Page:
Local region should brace for more negative fallout.
The recent primary election in Kansas was ugly long before voters headed to the polls.
In the run-up to the election, a far-right faction of the Republican Party led by the Kansas Chamber, Americans for Prosperity, wealthy Koch brothers and Gov. Sam Brownback unleashed a flurry of negative ads intended to take down anyone who would dare challenge their agenda, Senate President Steve Morris, R-Hugoton, included.
Sadly, many voters fell for such outlandish claims as the absurd notion that moderate state senators somehow supported so-called "Obamacare."
Now, with Senate moderates pushed aside and both legislative chambers controlled by ultraconservative Republicans, we're left to brace for renewed attacks on education, social services and other programs.
Education will be a big target. Expect Brownback to pursue reduced state funding while allowing local school districts to shoulder more of the cost.
That would be a great deal for affluent eastern Kansas districts. They've long favored lifting the existing cap on local option budgets, and being able to generate more property tax dollars to improve their schools.
The problem is those districts then would have no cause to support any policies in place to address inequities between wealthy and smaller, poorer districts.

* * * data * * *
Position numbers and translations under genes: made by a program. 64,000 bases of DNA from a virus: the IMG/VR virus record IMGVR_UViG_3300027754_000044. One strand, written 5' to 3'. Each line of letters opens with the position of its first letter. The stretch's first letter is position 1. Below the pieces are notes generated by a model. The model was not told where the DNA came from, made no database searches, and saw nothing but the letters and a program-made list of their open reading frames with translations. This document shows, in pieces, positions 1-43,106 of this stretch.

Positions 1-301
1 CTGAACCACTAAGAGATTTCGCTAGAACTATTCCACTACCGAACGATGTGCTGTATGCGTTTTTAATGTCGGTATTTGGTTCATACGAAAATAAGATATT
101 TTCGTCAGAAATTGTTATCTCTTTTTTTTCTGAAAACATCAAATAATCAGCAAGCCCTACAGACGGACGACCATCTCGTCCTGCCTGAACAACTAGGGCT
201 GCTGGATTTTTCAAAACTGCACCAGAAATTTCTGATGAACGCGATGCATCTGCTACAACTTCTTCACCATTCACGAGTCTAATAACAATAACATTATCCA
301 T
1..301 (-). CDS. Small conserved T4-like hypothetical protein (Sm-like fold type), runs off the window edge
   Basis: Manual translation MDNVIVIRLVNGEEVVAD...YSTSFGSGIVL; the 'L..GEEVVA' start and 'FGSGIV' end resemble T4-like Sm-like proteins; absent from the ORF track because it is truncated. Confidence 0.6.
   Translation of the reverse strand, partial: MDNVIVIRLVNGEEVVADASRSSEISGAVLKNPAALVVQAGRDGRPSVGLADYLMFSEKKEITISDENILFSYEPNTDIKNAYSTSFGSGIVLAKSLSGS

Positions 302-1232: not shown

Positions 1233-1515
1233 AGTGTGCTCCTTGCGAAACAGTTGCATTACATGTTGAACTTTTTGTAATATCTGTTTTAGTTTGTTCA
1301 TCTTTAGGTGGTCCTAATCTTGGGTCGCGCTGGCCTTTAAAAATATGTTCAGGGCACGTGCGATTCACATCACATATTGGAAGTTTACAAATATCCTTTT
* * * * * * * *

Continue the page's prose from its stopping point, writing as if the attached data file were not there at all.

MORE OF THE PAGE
Less affluent districts — including those in southwest Kansas — would be left to either raise property taxes or close schools and put educators out of work.
Such grim possibilities are proof that this region needs strong representation in Topeka.
But Larry Powell, the Republican state representative now headed to the Senate to replace Morris, is hardly a friend of education. During a local legislative coffee, he even dismissed the link between education and economic development.
Powell should consider his district's unique needs and challenges, and defend southwest Kansas interests on every issue — education included.
That's unlikely, however. Powell was a beneficiary of the attack-ad campaign because he could be counted on to endorse every Brownback pitch, regardless of the impact on this part of Kansas.
Of course, Powell won't be alone in rubber-stamping the governor's radical right-wing agenda. And with too few legislators left to provide much resistance, southwest Kansans should be very worried.